AJC relocation from the city’s center would end an era for Atlanta
By Maria Saporta
Friday, August 14, 2009
The possible move of Atlanta’s largest daily newspaper out of downtown concerns civic leaders and one of the city’s most accomplished journalists.
The Atlanta Journal-Constitution has been laying the groundwork to move from its current downtown home to a location that likely will be outside the city limits. The Atlanta Business Chronicle first reported the possible move Aug. 12.
“It would be a very sad day for the community, after so many generations, to physically lose such an important part of the fabric of Atlanta,” said A.J. Robinson, president of Central Atlanta Progress, a downtown business group.
Sam Williams, president of the Metro Atlanta Chamber, said major daily newspapers have played a vital role in helping create the civic, business and cultural life of cities.
“We have seen other major metro newspapers suffer so this is nothing new,” Williams said. “But it strikes to the heart of Atlanta because reporting on the public sector on a daily basis, especially investigative reporting, is crucial to good government.”
The AJC’s roots downtown date back more than a century. Throughout its history, the Atlanta Journal and the Atlanta Constitution have produced some of the city’s leading citizens, beginning with editor Henry Grady’s vision for the New South in the late 1880s to “Gone With The Wind” author Margaret Mitchell to editor Ralph McGill and columnists Celestine Sibley and Lewis Grizzard.
As a testament to his role in the city, Grady’s statue stands proudly in the middle of Marietta Street just a block away from the newspaper’s building.
If the AJC does move out of the city, “I can see Henry Grady holding a handkerchief to his eyes,” said George Goodwin, 92, who won the Atlanta Journal’s first Pulitzer Prize in 1948 for exposing voter fraud in Telfair County.
AJC executives have been letting community leaders and employees know about the possible move, telling them that decision should be announced later this month. The AJC’s new publisher, Michael Joseph, informed employees in an Aug. 3 e-mail about a possible relocation.
“We have been exploring all the options to lower our cost structure, including real estate,” said Jennifer Morrow, the AJC’s external communications manager. “We are looking at a lot of options related to real estate opportunities.”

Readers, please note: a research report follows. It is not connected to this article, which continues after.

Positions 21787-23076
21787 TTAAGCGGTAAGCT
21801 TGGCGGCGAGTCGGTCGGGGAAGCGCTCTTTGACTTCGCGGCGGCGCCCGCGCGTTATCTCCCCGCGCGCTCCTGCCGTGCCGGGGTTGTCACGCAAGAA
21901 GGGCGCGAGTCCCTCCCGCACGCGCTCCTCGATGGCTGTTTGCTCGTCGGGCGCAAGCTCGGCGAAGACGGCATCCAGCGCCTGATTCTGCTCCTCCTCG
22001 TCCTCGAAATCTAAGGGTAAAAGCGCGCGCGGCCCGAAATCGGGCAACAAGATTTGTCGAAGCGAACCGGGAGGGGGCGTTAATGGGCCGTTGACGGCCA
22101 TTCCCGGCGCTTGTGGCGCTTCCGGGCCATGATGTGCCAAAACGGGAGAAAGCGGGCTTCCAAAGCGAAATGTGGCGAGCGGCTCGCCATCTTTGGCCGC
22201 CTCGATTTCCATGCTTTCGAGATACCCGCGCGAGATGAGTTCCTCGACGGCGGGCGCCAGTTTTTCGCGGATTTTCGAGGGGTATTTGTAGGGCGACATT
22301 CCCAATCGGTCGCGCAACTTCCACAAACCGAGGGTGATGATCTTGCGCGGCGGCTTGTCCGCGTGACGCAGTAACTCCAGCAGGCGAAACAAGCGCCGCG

She added that a decision likely will be announced within a couple of weeks.
The AJC’s parent, Cox Enterprises Inc., made a similar move in Dayton, Ohio, in 2007, when it moved the headquarters of the Dayton Daily News out of downtown Dayton.
That decision was met with disappointment from Dayton economic development groups, including the Downtown Dayton Partnership.
Cox’s Doug Franklin, who until recently was publisher of the AJC, was formerly publisher of Cox Ohio Publishing, where he was involved in the 2006 decision to move the Dayton Daily News outside of downtown Dayton.
Even though the problems of the newspaper industry are well-known, CAP’s Robinson wondered how moving the AJC from the city would put it in a better position to cover Atlanta, especially “when the major institutions and the leaders who create or shape the news are in the central city.”
But Robinson said that although it would be a great disappointment, the AJC moving would “not be a death knell” for downtown. “It’s not the end of the world for us,” Robinson said. “We will go on about our business of building a great downtown.”
Actually, Robinson said the AJC’s current home at 72 Marietta St. is “a critical piece of real estate.” It is a strategic site for the redevelopment of Marietta Street and the railroad gulch that is part of the proposed “green line” project and a new multimodal train station.
Retired journalist Goodwin remembered the 20 years that he worked for the Atlanta Journal right after World War II.
“I have difficulty imagining our major newspaper being anywhere else but the heart of Atlanta,” said Goodwin, who after leaving the Atlanta Journal became the dean of the city’s public relations professionals. “Atlanta is a particularly large circle. And if you are a circular city, you’ve got to be located in the middle.”
CAP’s Robinson said he knows newspapers are in transition and that the industry is struggling. “When faced with questions of survival, institutions make radical decisions,” said Robinson, who hopes the Atlanta community will try to get the AJC to reconsider its plans before a final decision is announced.
Goodwin still has a hard time believing the AJC could leave the central city. “It’s a very negative thing. Somebody in civic Atlanta needs to say … ‘You can’t do this.’ ”